Potato Chip Ingredient Provides Longevity Boost to Concrete

Who would've thought that the flavoring that helps give "salt & vinegar" chips their tasty tang could also help protect concrete from water damage? A new study by Awni Al-Otoom and his colleagues in Jordan has revealed that sodium acetate — a chemical commonly used in flavored chips (and a variety of other products and processes) — can work as a cheap and effective concrete sealant by providing a waterproof coating.

As they note in their study, concrete — though one of the most widely used construction materials — suffers from a high porosity that allows water to soak in and cause cracks and other problems when the water expands or changes state. And while sealants are widely available, most have serious shortcomings. In their trials, the scientists demonstrated that sodium acetate could seep into pores in concrete and crystallize upon exposure to water — blocking the entry of any further moisture. Once the crystals shrink back under dry conditions, the moisture is allowed to evaporate.The net benefit according to Al-Otoom and his team: a large reduction in water permeability that "can be expected to increase the service life of the concrete." And though we're no big fans of concrete, it'd be nice to see a similar, more environmentally-friendly approach taken to strengthen other construction materials.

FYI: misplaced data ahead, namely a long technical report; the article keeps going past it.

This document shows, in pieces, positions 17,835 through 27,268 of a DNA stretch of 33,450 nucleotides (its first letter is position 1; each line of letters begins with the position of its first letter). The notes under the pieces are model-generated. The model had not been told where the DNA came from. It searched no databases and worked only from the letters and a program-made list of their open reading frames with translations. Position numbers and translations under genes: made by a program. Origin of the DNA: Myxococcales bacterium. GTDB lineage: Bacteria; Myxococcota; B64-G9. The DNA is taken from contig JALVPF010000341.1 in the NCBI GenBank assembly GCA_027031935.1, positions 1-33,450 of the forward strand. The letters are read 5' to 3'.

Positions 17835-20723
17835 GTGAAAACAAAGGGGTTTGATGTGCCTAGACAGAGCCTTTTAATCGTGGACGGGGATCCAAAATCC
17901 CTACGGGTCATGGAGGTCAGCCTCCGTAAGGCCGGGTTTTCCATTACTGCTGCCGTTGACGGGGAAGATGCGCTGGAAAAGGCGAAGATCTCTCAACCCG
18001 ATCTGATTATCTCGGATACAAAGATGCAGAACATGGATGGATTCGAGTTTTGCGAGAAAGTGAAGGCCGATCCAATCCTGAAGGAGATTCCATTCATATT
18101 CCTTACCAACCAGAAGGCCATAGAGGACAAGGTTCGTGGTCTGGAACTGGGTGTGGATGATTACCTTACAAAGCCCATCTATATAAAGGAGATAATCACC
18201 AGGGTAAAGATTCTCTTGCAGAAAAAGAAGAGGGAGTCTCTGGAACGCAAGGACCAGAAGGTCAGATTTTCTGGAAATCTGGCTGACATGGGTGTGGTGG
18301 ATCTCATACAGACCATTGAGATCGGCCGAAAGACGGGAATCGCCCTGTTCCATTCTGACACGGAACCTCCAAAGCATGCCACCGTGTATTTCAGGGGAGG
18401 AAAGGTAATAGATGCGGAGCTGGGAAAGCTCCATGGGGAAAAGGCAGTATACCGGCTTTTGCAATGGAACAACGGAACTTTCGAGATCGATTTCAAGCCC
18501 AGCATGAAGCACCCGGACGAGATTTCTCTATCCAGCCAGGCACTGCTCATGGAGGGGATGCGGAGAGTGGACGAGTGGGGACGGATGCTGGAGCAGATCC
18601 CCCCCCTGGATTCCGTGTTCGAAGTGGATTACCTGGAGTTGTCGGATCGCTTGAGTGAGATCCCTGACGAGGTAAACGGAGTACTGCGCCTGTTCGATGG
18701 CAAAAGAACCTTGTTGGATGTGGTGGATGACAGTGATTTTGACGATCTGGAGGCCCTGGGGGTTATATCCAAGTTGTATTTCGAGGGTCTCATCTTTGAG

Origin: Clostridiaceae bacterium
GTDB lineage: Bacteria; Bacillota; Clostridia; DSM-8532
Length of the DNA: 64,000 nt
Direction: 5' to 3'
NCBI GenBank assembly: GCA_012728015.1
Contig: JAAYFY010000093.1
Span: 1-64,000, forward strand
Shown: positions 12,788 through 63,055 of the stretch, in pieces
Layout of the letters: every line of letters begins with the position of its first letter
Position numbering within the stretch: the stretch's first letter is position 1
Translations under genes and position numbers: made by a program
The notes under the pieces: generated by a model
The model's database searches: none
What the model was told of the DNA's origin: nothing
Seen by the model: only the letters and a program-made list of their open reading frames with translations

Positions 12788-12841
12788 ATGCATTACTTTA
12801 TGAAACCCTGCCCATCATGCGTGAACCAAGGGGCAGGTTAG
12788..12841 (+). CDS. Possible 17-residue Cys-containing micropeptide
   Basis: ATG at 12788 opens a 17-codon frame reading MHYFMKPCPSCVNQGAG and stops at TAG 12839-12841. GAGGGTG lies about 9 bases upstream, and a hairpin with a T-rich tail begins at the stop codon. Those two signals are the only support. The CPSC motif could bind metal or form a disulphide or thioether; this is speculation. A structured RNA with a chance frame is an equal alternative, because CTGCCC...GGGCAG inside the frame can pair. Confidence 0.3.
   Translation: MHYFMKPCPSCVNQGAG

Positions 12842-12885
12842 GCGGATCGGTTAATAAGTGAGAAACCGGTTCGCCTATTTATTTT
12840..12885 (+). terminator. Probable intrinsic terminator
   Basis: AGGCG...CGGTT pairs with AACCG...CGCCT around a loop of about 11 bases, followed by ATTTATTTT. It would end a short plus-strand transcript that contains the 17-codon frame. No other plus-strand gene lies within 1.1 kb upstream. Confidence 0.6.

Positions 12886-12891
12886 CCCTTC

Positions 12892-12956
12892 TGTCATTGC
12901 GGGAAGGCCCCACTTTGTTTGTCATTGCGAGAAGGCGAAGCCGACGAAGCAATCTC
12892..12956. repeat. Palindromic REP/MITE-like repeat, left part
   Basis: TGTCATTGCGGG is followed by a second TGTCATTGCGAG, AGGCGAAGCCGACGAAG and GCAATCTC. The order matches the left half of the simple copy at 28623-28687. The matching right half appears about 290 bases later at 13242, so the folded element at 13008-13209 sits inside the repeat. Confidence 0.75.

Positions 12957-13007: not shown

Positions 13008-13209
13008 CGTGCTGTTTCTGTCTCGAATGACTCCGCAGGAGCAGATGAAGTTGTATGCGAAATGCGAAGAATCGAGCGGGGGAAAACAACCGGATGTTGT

Via ::ScienceDaily: Potato Chip Flavoring Boosts Longevity Of Concrete (news website)

See also: ::Building Houses out of Garbage, Not Concrete, ::Gigacrete: An Alternative to Concrete
Image courtesy of bloggyboulga via flickr

Tags: Concrete | Jordan

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